* Kayta Curzie Gajdos
holds a doctorate in counseling psychology and is in private practice in Chadds
Ford, Pennsylvania. She welcomes comments at MindMatters@DrGajdos.com or 610-388-2888.
Past columns are posted to http://www.drgajdos.com.

About Kayta Gajdos

Dr. Kathleen Curzie Gajdos ("Kayta") is a licensed psychologist (Pennsylvania and Delaware) who has worked with individuals, couples, and families with a spectrum of problems. She has experience and training in the fields of alcohol and drug addictions, hypnosis, family therapy, Jungian theory, Gestalt therapy, EMDR, and bereavement. Dr. Gajdos developed a private practice in the Pittsburgh area, and was affiliated with the Family Therapy Institute of Western Psychiatric Institute and Clinic, having written numerous articles for the Family Therapy Newsletter there. She has published in the American Psychological Association Bulletin, the Family Psychologist, and in the Swedenborgian publications, Chrysalis and The Messenger. Dr. Gajdos has taught at the college level, most recently for West Chester University and Wilmington College, and has served as field faculty for Vermont College of Norwich University the Union Institute's Center for Distance Learning, Cincinnati, Ohio. She has also served as consulting psychologist to the Irene Stacy Community MH/MR Center in Western Pennsylvania where she supervised psychologists in training. Currently active in disaster relief, Dr. Gajdos serves with the American Red Cross and participated in Hurricane Katrina relief efforts as a member of teams from the Department of Health and Human Services' Substance Abuse and Mental Health Services Administration.Now living in Chadds Ford, in the Brandywine Valley of eastern Pennsylvania, Dr. Gajdos combines her private practice working with individuals, couples and families, with leading workshops on such topics as grief and healing, the impact of multigenerational grief and trauma shame, the shadow and self, Women Who Run with the Wolves, motherless daughters, and mediation and relaxation. Each year at Temenos Retreat Center in West Chester, PA she leads a griefs of birthing ritual for those who have suffered losses of procreation (abortions, miscarriages, infertility, etc.); she also holds yearly A Day of Re-Collection at Temenos.Dr. Gajdos holds Master's degrees in both philosophy and clinical psychology and received her Ph.D. in counseling at the University of Pittsburgh. Among her professional affiliations, she includes having been a founding member and board member of the C.G. Jung Educational Center of Pittsburgh, as well as being listed in Who's Who of American Women. Currently, she is a member of the American Psychological Association, The Pennsylvania Psychological Association, the Delaware Psychological Association, the American Family Therapy Academy, The Association for Death Education and Counseling, and the Delaware County Mental Health and Mental Retardation Board. Woven into her professional career are Dr. Gajdos' pursuits of dancing, singing, and writing poetry.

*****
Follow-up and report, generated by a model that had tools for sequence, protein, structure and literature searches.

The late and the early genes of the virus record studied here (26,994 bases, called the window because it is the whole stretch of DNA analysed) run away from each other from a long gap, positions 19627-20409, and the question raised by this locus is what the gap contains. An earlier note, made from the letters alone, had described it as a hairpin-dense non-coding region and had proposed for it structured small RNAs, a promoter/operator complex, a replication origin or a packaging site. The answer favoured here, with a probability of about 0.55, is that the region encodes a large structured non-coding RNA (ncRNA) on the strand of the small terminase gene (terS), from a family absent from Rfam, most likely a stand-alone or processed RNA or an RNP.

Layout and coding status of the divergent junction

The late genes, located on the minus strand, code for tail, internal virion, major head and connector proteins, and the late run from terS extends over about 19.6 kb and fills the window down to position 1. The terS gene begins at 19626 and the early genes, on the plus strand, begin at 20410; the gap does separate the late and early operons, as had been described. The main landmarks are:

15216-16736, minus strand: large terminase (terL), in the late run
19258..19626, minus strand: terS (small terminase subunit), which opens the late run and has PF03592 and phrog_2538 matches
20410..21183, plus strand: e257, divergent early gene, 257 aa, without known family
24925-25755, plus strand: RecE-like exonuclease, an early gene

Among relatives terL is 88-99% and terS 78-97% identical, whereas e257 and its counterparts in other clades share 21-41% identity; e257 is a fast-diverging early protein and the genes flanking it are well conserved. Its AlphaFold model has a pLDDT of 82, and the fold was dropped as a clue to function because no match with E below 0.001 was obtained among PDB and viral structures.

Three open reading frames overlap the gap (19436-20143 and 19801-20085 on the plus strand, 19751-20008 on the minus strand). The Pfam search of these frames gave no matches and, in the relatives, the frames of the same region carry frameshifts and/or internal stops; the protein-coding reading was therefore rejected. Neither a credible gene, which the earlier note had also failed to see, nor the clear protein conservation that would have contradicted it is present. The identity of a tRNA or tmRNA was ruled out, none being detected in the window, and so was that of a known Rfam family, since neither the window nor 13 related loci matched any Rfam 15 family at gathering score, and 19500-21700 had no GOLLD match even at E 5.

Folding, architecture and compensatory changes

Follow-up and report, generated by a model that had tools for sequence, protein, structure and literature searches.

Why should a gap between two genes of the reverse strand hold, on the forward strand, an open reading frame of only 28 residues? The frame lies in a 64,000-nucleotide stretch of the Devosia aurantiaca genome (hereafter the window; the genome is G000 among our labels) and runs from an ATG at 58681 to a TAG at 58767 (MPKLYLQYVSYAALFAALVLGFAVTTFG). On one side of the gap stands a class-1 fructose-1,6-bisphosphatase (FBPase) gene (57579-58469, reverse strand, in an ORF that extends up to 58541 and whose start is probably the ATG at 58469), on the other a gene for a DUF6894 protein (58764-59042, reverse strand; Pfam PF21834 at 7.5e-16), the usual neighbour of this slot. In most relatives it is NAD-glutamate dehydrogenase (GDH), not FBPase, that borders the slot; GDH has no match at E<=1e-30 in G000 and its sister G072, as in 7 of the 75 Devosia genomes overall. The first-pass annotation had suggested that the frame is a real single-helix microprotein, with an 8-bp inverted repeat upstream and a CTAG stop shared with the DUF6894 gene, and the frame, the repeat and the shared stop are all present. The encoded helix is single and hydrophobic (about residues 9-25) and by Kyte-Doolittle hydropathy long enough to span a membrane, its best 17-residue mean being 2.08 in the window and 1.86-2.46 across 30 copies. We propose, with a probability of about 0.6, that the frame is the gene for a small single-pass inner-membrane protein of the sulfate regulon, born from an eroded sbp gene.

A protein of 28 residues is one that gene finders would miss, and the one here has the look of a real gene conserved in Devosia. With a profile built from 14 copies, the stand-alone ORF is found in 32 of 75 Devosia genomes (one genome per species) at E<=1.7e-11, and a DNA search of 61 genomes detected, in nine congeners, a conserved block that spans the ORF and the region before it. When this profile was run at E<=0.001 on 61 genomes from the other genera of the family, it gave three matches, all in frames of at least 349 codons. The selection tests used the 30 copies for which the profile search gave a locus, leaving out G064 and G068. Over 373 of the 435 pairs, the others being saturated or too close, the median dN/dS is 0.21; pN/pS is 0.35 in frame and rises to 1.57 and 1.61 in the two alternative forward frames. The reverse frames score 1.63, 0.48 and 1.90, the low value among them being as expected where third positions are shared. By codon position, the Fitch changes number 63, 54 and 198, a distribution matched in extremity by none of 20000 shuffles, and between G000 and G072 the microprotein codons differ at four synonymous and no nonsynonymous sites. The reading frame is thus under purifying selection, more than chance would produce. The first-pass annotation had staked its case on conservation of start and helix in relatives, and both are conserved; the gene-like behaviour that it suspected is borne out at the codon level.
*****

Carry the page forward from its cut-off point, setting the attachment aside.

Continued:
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One Response to “Mind Matters: Our “Lot in Life” reframed”

  1. jeanne-marie says:

    Well said and so true!